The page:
Preventive screenings can help take 'emergency' out of colorectal cancer
Almost one in every three patients with colorectal cancer is diagnosed in an emergency setting, with African-Americans and those living in high-poverty areas the most likely, according to new data presented in late October.
Dr. Sandi L. Pruitt, a clinical sciences specialist in medical outcomes and health services delivery research, and her UT Southwestern Medical Center colleagues evaluated national disparities in emergency colorectal cancer presentation using Medicare statistics from 1992 to 2005 of U.S. adults older than 65 with invasive colorectal cancer.
“Overall, we found that there are high rates of emergency presentation of colorectal cancer in the United States,” says Dr. Pruitt, a member of the Harold C. Simmons Comprehensive Cancer Center faculty. “These high rates of emergencies indicate that there are multiple missed opportunities for screening. Many patients aren’t diagnosed until they have an emergency, such as an obstruction or perforation of the bowel, which leads to more complications and a higher risk for death.”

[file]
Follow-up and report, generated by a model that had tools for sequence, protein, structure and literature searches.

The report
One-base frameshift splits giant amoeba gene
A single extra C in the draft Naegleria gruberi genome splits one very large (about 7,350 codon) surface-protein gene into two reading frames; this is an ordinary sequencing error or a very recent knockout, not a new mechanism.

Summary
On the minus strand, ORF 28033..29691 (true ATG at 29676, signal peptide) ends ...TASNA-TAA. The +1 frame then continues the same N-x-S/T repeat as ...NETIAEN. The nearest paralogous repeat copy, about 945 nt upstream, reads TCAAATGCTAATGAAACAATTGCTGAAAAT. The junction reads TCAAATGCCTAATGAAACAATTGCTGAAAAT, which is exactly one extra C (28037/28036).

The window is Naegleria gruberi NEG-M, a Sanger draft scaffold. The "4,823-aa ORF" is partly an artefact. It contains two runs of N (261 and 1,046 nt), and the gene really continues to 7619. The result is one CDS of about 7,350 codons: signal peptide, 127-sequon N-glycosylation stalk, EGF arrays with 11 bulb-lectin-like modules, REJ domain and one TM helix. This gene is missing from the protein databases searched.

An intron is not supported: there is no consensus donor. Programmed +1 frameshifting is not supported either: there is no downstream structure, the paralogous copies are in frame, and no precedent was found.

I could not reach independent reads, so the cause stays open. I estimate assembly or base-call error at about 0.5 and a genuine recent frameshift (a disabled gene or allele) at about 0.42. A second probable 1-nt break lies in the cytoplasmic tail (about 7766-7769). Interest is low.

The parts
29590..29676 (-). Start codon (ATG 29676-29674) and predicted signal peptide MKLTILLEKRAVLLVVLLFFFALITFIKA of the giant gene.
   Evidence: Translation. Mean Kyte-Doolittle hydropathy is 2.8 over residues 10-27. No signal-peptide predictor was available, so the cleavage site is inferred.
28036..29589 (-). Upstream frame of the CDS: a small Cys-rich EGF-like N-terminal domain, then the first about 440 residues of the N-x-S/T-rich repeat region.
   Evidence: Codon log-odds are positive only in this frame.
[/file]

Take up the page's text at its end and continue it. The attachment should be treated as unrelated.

Colorectal-cancer screenings – recommended for all healthy adults starting at age 50 – include colonoscopies or home-based stool blood tests.
In their study, Dr. Pruitt and her colleagues identified 88,859 patients with colorectal cancer, 29 percent presenting as emergencies. Of these, 81.3 percent had an emergency admission, 31.6 percent had obstructions, and 4.2 percent had perforations. After accounting for multiple factors, including cancer stage, patient health status, and sociodemographic differences, African-Americans were 29 percent more likely to be diagnosed with emergency cases, and those living in census tracts with the highest poverty rate were 10 percent more likely to present with emergency colorectal cancer.
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